Tuesday, July 14, 2020

Review: The Design of the Postgres Storage System

This is a review of The Design of the Postgres Storage System. The paper was in VLDB 1987 although my review used a version of the paper that might differ from the one in VLDB (which is appropriate, given MVCC). This is the also the first in a series of posts on MVCC GC. My standard disclaimer is that I don't review papers that aren't worth reading.

The paper is about POSTGRES, not modern PostgreSQL. POSTGRES was using POSTQUEL at the time and the paper has sample POSTQUEL statements. Something I like very much about the paper is the use of simple estimates to explain the design decisions.

1 Introduction

The abstract and introduction provide four reasons for the research:
  1. Optionally archive all previous versions of rows on separate storage as WORM optical disks were likely to arrive on the market. 
  2. Don't use a WAL (redo log). The benefits include instant recovery, less code complexity and better support for archiving.
  3. Use multiple processes to benefit from multi-processor systems that were likely to arrive and were in development at UC Berkeley and elsewhere.
  4. Use non-volatile RAM (NVRAM) to boost performance.
I assume that the first point (archive all previous versions) was the big deal. While this feature might not have been an immediate success it has turned into a big deal in production systems today. Atlas Data Lake from MongoDB is one example. Another popular way to archive all versions is via change data capture (CDC) to store the older versions in a data warehouse separate from the OLTP system.

2.1 Transaction System

POSTGRES used 40-bit transaction IDs and stated that was sufficient for 320 years of operation assuming 1 TPS. The POSTGRES transaction log uses 2 bits per transaction -- there is no redo log. Logically the log is a large array indexed by XID. The bits represent the status of a transaction: committed, aborted, in progress. The XID is assigned at transaction start. Commit is done by changing the bit in the log to committed, forcing the log page to stable storage and forcing modified database pages to stable storage. Stable storage is either magnetic disk or NVRAM.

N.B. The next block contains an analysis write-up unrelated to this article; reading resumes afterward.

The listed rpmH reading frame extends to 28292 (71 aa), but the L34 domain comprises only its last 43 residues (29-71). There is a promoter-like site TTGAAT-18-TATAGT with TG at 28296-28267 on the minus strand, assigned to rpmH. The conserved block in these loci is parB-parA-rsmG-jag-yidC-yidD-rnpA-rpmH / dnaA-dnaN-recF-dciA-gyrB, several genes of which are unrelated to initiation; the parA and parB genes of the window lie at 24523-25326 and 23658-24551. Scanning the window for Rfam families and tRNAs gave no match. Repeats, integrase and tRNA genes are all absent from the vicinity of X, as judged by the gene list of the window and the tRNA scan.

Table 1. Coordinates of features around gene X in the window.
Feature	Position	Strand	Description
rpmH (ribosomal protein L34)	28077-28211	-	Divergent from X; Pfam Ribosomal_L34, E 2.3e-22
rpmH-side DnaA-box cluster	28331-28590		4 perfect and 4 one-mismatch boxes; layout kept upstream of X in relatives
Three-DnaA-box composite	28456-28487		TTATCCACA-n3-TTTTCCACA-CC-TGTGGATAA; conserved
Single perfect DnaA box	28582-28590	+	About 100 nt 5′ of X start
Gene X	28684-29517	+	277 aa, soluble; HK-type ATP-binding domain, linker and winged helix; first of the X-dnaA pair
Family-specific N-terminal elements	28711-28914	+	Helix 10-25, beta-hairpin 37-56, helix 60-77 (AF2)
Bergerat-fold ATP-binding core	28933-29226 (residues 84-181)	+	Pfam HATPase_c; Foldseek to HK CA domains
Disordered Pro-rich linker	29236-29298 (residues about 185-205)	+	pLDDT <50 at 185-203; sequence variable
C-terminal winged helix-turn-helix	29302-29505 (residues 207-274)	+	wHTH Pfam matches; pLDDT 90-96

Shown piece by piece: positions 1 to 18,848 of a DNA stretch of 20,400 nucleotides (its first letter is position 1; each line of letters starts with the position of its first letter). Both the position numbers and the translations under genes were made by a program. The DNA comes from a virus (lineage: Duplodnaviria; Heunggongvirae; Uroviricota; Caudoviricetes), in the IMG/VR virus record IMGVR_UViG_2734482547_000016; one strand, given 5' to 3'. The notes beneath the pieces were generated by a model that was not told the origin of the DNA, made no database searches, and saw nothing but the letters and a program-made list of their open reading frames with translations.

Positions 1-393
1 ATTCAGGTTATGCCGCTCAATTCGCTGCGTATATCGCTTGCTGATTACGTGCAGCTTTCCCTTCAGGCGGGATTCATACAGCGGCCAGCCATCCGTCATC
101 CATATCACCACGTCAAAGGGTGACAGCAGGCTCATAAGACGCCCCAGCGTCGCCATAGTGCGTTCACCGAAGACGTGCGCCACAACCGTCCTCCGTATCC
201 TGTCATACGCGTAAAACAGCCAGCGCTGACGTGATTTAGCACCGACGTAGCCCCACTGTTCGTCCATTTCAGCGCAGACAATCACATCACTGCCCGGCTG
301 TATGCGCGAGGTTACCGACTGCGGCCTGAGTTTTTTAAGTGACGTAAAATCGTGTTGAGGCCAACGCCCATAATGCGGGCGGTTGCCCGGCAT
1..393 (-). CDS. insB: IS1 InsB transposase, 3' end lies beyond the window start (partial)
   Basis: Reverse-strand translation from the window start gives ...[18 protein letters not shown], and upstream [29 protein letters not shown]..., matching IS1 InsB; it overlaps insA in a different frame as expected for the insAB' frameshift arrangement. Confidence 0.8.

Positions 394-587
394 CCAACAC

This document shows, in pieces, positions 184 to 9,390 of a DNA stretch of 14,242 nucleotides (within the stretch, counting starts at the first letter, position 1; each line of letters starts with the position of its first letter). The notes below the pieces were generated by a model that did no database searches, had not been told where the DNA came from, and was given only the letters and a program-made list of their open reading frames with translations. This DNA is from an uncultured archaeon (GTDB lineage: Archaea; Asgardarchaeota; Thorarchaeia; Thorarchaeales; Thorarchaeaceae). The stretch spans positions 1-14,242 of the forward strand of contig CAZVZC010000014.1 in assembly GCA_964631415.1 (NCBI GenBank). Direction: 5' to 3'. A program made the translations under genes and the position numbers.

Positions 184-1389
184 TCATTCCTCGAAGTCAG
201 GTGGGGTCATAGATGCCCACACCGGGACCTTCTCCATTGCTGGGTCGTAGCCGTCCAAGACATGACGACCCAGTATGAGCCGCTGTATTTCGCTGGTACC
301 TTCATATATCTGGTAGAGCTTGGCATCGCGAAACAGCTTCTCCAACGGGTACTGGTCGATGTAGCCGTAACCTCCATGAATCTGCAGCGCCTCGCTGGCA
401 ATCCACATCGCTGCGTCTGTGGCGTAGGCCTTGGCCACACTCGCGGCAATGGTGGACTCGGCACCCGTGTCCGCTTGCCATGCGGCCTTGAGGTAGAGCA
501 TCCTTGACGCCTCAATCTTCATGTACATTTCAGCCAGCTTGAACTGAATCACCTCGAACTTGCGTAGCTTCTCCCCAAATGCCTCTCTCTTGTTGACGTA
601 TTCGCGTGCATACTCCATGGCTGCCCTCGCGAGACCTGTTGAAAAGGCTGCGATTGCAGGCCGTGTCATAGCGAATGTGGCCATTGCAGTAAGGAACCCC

The log tail is log from the XID of the oldest active transaction to the present and requires 2 bits per XID. The body is the rest of the log (transactions oldest than the oldest active transaction). As all transactions in the log body are either committed or aborted only 1 bit per XID is needed for the log body.

The goal is to keep the log tail in NVRAM and the log body cached in memory. The log body is read-only, the log tail is not. Both can be searched to determine whether a row is visible to a snapshot and the goal is to avoid disk reads in that search. The paper also explains that a bloom filter can be created on the XIDs of aborted transactions to avoid keeping the log body in memory.

Modern PostgreSQL uses 32-bit transaction IDs and wraparound is a source of problems. Other difference are that modern PostgreSQL has a redo log, doesn't force modified pages to stable storage on commit and doesn't (yet) try to take advantage of NVRAM.

I expect that POSTGRES had worse write-amplification then a system that didn't force dirty pages on commit. But I am unlikely to run the insert benchmark to confirm this. Besides, LMDB does FORCE on commit and has many happy users.

2.2 Relation Storage

The per-row metadata includes:

  • OID - system-assigned unique ID

  • Xmin, Xmax - the XID that starts, ends the version

  • Tmin, Tmax - commit time of XID from Xmin, Xmax